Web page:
This premium orchid bark is hard, clean, and uniformly graded and is suitable for growing orchids and other epiphytic type plants. I use it as a lightweight topping for some plants too! Also very handy as a medium for small rooted cuttings mixed in with a bit of cactus mix and rough pumice.
Produced in Taranaki using a custom designed facility specifically to manufacture high quality bark products. All bark is stored on a hard surface under shelter to ensure it is dry clean and sterile.
This bark is very clean with hardly any contamination from soil and dust unlike some poorer grade bark that breaks down very quickly (from my experience).
It is ready to use out of the bag, no soaking or washing/cleaning is required.
The bark should last 3 to 5 years which is a great bonus for orchid growers as the orchid roots will fully develop within the bark substrate.
Made from renewable, managed plantations of mature slow growing Pinus Radiata trees.
Comes in 1 & 2 Litre bags.
Bark size is approximately 10mm with variance in between.
Why do you package your orchid bark in plastic?
When it came to deciding between using plastic vs paper bags, we did research into this very thoroughly, and wanted something that was locally produced , and could stand up to the rigours of being shipped across Nz and protected its contents, we also wanted our packaging to be reusable and not just a throwaway item.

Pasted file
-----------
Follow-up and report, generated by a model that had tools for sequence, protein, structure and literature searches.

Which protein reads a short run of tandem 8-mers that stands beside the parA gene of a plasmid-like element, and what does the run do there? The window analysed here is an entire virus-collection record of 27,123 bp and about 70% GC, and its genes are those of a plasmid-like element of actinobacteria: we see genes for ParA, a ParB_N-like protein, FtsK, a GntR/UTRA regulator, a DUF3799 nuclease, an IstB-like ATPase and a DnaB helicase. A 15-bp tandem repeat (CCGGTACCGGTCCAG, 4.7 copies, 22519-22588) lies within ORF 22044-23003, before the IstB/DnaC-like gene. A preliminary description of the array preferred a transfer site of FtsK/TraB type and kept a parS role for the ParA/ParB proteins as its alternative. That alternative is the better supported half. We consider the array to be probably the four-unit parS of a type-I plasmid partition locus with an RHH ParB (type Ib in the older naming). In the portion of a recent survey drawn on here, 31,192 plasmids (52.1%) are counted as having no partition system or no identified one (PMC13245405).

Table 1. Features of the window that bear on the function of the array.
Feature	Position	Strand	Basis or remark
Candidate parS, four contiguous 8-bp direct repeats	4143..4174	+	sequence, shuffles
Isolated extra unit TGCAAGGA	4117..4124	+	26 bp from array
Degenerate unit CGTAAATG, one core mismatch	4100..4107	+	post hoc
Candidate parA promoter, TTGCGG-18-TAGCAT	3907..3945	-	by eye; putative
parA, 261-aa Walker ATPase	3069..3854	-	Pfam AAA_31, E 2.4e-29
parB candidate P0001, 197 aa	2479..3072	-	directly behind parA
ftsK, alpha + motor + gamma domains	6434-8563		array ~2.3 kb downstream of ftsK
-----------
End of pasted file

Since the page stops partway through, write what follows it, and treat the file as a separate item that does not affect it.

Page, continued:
We chose a Nz based based company with local manufacturing in Auckland with an amazing work ethic! We did not want to choose a throwaway item produced overseas with unknown / unsustainable practices. Here’s why:
Paper isn’t always better
You may not realize this but while it may sometimes seem that using paper packaging products (eg imported paper bags) is the only way to go, it’s important to look at the sustainability of an item as a whole,
- Carbon footprint
Distance: First we must look at how far an item has travelled, has it come from overseas, how did it get here, was it flown in? The carbon footprint for paper packaging could be MASSIVE in comparison to a plastic bag that was locally produced.
Manufacturing: How was it produced, was the factory it was produced in employing sustainable practices? Is the waste produced from manufacturing the item recycled? Or just discarded? What are the emissions produced from the factory, is it hydro power vs coal power?
Material: What is your paper bag made from? Ideally it would be made from sustainably harvested (typically pine) forests and not rainforests ( I kid you not this has happened before and still happens today)
Lifespan: Is the packaging meant for a 1 time use or is it able to be reused and even repurposed once the product inside has been used up?
Supporting Local: And last but not least, by buying local we also supposed a local business! So the money we spend goes back into the NZ economy 😊